How are you supposed to pay water bills for water that you can’t even use without a filter? That’s a question many Flint residents have likely asked themselves over the last three years, but that hasn’t stopped them from being hit with possible tax liens.
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It’s being reported that over 8,000 Flint residents are facing possible tax liens stemming from unpaid water bills, water which has been severely contaminated with high levels of lead, beginning three years ago. As if they haven’t suffered enough by not having access to the basic necessity of clean water, now they are being penalized for refusing to pay for it.
The Root is reporting that as a result of the possible tax liens many Flint residents are being threatened with the loss of their homes. Recently, the more than 8,000 residents who have unpaid water bills received notices stating that if their balances are not paid by May 19, a tax lien will be placed on their homes.
Al Mooney, of Flint’s treasury department, apparently sees the possible tax liens as a way to fund the city. He spoke to the press about the development, stating “We have to have revenue coming in, so we can’t give people … water at the tap and not get revenue coming in to pay those bills.” He continued to explain that last month’s water shut-offs were already working in the city’s favor, with nearly $3 million brought in. In the month prior, the city only collected $2.1 million.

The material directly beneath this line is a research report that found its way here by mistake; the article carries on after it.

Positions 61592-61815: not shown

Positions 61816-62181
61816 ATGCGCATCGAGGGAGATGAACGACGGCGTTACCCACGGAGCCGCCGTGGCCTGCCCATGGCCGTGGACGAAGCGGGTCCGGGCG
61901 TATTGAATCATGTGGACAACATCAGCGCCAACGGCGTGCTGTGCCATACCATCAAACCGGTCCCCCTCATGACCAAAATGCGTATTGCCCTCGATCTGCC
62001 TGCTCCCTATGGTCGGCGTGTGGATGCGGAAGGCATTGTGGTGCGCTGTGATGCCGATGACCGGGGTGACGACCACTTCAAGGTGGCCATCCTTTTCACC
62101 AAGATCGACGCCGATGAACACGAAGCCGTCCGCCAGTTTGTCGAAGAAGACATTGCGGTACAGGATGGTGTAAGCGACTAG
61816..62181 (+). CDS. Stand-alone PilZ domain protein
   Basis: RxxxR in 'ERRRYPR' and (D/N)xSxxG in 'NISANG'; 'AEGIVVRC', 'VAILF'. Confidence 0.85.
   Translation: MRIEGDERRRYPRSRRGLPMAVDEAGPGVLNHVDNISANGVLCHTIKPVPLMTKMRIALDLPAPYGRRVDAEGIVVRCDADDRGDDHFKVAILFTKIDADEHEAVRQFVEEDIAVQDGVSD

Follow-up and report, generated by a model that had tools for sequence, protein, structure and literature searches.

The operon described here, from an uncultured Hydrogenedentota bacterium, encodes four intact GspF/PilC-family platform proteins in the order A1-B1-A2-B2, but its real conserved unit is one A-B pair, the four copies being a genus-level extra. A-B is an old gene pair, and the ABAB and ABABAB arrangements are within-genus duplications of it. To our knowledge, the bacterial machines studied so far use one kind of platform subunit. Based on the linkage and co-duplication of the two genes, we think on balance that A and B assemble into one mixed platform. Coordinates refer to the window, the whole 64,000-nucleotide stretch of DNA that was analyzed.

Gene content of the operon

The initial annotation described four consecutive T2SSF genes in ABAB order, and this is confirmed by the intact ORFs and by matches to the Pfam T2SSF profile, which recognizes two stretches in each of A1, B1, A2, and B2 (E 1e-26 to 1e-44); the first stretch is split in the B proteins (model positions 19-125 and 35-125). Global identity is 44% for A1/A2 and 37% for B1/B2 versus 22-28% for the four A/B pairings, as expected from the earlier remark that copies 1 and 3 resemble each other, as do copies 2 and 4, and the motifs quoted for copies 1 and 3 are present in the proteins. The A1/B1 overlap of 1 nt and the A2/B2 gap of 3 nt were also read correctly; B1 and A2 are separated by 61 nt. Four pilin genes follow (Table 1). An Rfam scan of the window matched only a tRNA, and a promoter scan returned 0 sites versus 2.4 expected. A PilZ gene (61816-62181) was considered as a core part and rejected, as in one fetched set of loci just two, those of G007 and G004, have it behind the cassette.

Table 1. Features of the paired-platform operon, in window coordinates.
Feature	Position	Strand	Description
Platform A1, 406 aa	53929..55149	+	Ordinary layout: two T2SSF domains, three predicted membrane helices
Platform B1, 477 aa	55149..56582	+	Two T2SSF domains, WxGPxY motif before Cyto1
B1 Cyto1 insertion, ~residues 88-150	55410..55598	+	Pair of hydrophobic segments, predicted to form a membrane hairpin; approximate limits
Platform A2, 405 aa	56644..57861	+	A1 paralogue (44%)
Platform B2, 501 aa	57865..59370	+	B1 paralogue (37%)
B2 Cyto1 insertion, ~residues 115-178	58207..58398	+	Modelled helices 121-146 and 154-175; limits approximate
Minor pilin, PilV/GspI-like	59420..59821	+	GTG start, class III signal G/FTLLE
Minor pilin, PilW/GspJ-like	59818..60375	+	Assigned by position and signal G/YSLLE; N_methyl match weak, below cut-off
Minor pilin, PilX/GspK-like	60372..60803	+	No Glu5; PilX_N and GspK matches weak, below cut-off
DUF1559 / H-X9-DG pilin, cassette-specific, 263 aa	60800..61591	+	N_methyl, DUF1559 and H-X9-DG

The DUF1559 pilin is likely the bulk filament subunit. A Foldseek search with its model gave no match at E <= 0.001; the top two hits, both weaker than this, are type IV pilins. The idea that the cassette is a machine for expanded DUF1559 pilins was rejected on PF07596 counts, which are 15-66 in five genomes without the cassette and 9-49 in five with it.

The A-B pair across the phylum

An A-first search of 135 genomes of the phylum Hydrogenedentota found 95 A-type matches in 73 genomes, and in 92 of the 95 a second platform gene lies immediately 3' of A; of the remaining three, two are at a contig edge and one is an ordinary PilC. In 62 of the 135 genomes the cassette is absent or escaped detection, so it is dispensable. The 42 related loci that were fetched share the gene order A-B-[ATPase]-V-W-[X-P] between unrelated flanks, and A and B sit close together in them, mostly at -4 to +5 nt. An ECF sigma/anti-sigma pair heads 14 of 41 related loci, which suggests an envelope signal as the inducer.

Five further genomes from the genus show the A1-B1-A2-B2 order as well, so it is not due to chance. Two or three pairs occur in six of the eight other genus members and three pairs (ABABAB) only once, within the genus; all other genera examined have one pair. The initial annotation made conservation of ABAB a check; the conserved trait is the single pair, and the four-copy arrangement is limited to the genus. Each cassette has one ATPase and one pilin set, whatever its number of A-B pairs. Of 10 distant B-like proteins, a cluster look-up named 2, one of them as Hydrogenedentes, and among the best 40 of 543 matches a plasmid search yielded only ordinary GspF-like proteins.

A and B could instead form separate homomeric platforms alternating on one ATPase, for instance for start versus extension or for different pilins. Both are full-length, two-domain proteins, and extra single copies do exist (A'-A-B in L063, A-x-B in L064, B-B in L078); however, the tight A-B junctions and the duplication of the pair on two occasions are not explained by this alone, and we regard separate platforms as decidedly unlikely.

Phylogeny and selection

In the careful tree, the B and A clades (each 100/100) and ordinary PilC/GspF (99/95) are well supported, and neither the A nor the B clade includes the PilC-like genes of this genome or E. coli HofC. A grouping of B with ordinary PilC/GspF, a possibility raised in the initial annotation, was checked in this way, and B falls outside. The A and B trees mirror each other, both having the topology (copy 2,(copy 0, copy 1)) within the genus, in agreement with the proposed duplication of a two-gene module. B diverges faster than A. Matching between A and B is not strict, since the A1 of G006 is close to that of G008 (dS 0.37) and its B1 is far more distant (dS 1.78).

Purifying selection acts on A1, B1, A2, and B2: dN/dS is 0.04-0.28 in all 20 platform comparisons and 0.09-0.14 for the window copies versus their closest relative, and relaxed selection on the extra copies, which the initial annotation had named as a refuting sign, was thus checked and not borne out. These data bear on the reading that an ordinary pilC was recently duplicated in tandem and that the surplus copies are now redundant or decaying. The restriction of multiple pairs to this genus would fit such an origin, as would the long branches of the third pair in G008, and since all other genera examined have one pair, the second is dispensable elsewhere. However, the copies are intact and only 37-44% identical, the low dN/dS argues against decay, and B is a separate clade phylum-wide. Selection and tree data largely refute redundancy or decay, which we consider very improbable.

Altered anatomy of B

Meanwhile Rep. Dan Kildee (D-Mich.) seems to be seeing this from the logical standpoint of Flint residents, instead of only being concerned with monetary benefits. He issued the following statement on the recent developments:
“Flint families should not have to pay for water that they still cannot drink, and they certainly should not lose their homes over this ongoing water crisis that was caused by the callous decisions of state government. It is unfortunate that Gov. Snyder ended water credits for Flint families. I opposed this decision because Flint families deserve support from the state until there is confidence in the water system again.”